ABC of Vascular Disease
1. What is intermittent claudication?
Intermittent claudication (IC) is pain in the muscles of the leg which only
comes on with exercise and which is relieved by resting.
2. What causes intermittent claudication?
When you exercise the muscles of the leg they need more blood to work
properly. This blood flows in the arteries from heart to the muscles in
the leg. If these arteries are narrow or even blocked not enough blood
reaches the muscles and the muscles "complain" by producing pain (see haemodynamics)
3. What causes the arteries to become narrowed?
Arteries tend to "furr up" as you get older and the rate at which they
do so is different for each person (see atherogenesis). Smoking increases the rate at which
arteries become narrowed and once the narrowing is established the artery cannot
easily be opened up again. If artery is more than 3/4 narrowed it is
unable to carry the normal amount of blood and it is only then that you start to
notice symptoms. All the arteries in the body are affected to a greater or
lesser degree but arterial disease in the arteries to the vital organs such as
the heart itself, the brain, and the kidneys is obviously more serious.
4. What happens if the artery blocks completely?
It depends on where the artery is and how many other arteries it is connected
to. In some cases the artery my block completely and other arteries can
take over the work of supplying blood (collateral arteries). In other
cases when the artery blocks no blood can get through and the part of the body
supplied by that artery is starved of blood and the cells die: a process called
infarction. This is what happens in a heart attack when the muscle of the
heart (myocardium) loses its blood supply and dies giving a myocardial
infarction (MI). The leg has a good set of collateral arteries and can
usually tolerate a blockage in one of the main arteries. More than one
blockage is more serious and may result in infarction of the leg and infection
5. What do I do if I think I have intermittent claudication?
The first thing to do is to see your GP and discuss your symptoms. If your
GP agrees it is worth seeing a specialist and having measurements of the blood
pressure in your legs done to confirm the diagnosis.
6. How can intermittent claudication be treated?
In many cases the problem is self-limiting because the collateral arteries
slowly increase in size over several months and allow more blood to reach the
muscles. However, intermittent claudication is a warning sign that
the arteries are being damaged. There are a number of other common factors
which aggravate arterial disease and these should be looked for and treated if
|High blood pressure|
|High blood fat (cholesterol)|
Provided that you don't have chest pain or severe shortness of breath on
exercise (both signs of heart disease) then regular daily exercise is
recommended for people with claudication because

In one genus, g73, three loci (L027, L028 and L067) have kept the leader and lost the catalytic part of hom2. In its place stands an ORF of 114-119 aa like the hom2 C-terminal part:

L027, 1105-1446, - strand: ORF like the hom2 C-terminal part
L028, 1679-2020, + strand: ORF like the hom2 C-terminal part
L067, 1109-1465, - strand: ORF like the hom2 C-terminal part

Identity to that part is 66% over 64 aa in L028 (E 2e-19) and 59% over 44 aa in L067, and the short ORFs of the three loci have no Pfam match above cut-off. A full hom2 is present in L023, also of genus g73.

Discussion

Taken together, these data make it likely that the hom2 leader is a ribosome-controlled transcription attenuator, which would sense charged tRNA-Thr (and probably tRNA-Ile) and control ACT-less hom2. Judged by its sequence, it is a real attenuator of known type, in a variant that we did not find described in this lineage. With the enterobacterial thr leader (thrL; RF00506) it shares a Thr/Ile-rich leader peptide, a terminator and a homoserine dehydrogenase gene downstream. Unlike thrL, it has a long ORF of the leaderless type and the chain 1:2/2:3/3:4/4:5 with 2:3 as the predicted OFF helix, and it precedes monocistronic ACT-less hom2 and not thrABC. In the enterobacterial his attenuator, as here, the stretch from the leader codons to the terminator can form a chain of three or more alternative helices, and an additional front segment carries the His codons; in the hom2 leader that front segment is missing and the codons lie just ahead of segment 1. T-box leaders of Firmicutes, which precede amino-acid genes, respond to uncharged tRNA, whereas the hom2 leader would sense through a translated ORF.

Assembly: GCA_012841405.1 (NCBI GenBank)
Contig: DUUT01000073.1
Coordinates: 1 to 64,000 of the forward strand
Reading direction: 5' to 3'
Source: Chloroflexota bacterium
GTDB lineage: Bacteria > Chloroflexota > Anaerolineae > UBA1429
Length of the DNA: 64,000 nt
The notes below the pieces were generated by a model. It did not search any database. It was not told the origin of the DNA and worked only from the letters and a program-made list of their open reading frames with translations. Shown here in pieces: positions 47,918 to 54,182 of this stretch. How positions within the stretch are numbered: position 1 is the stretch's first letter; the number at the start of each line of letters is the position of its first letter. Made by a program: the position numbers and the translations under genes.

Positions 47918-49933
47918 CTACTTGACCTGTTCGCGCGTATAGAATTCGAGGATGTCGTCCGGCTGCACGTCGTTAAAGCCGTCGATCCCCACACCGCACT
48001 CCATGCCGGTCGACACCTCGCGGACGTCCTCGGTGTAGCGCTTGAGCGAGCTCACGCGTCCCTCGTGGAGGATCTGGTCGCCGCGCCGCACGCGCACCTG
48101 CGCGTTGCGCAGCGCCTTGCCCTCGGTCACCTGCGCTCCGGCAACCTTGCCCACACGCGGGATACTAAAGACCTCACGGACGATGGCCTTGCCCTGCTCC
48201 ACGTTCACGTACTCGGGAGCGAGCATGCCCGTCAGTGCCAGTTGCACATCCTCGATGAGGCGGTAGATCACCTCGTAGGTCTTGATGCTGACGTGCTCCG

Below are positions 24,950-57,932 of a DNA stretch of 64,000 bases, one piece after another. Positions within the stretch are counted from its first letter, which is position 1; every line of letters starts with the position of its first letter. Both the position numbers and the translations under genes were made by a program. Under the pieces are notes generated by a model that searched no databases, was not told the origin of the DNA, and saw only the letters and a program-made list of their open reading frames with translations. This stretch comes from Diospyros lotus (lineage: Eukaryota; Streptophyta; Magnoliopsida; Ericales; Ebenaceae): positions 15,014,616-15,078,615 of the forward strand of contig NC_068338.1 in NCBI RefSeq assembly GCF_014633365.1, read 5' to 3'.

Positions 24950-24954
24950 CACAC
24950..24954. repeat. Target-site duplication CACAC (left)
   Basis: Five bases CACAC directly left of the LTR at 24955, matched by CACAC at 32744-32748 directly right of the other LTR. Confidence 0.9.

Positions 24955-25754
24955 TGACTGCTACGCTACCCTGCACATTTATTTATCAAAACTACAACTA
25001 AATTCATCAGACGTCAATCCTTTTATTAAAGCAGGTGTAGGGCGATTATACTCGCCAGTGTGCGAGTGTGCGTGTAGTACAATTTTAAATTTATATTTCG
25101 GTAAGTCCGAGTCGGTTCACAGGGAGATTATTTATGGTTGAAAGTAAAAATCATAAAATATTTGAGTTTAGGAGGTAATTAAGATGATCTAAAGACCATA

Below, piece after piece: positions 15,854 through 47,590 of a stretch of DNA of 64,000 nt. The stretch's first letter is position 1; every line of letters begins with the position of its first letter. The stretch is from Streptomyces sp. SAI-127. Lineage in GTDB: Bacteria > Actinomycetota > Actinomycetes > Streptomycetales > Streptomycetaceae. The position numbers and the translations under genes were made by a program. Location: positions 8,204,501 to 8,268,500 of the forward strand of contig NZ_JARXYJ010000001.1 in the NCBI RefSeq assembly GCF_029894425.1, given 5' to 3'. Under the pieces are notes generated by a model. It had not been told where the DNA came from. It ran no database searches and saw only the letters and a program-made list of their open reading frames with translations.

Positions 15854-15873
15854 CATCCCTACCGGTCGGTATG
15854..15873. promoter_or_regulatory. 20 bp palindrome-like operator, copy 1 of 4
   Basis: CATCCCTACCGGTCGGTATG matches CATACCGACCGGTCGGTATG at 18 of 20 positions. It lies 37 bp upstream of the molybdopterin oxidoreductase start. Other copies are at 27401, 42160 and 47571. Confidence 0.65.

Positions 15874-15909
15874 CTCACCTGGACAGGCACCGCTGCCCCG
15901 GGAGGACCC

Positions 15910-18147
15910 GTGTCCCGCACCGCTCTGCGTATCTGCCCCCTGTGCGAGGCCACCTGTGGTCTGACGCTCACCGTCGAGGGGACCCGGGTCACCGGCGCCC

|It improves the development of collateral arteries|
|It helps with reducing weight (especially if you've had to stop smoking)|
|It improves cardiac fitness|
Aspirin tablets, when taken at lower than the normal dose will reduce the
stickiness of the blood and, although they do not have any effect on
claudication, they do reduce the risk of the arterial disease from getting worse
and causing future complications.
7. What if these first line measures do not work?
Most people find a significant improvement but if the problem persists or
worsens then it may be necessary to consider more radical treatment. For
this your GP will need to refer you to a vascular surgeon. Before the
surgeon can advise you on what treatment options are possible you will need to
have more detailed tests to identify exactly which arteries are affected and how
badly. There are two commonly used tests:
Duplex ultrasound is a special form of ultrasound that can look inside the
body and can also "see" the blood moving in the arteries and
veins. It is non-invasive and painless and is done as an outpatient test.
Angiography involves taking x-rays of the arteries and to show them up a special
dye needs to be injected into the artery through a needle. Angiography
produces very good pictures of all the arteries but is a more invasive procedure
and normally you need to be admitted to hospital for a day or so (angiogram).
8. What are the surgical options for treating intermittent claudication?
There are two main options for the surgical treatment of intermittent
Angioplasty is a minor procedure, similar to an angiogram, that does not
require a full anaesthetic and is performed under x-ray guidance.
Angioplasty is only suitable for some types of blocked or narrowed arteries (angioplasty).
Arterial bypass is a major procedure that involves an operation to place a
bypass graft across the blocked artery. Arterial bypass cannot be done
using local anaesthetic. Arterial bypass is reserved for when other
methods are not possible or have failed and where there are severe symptoms (arterial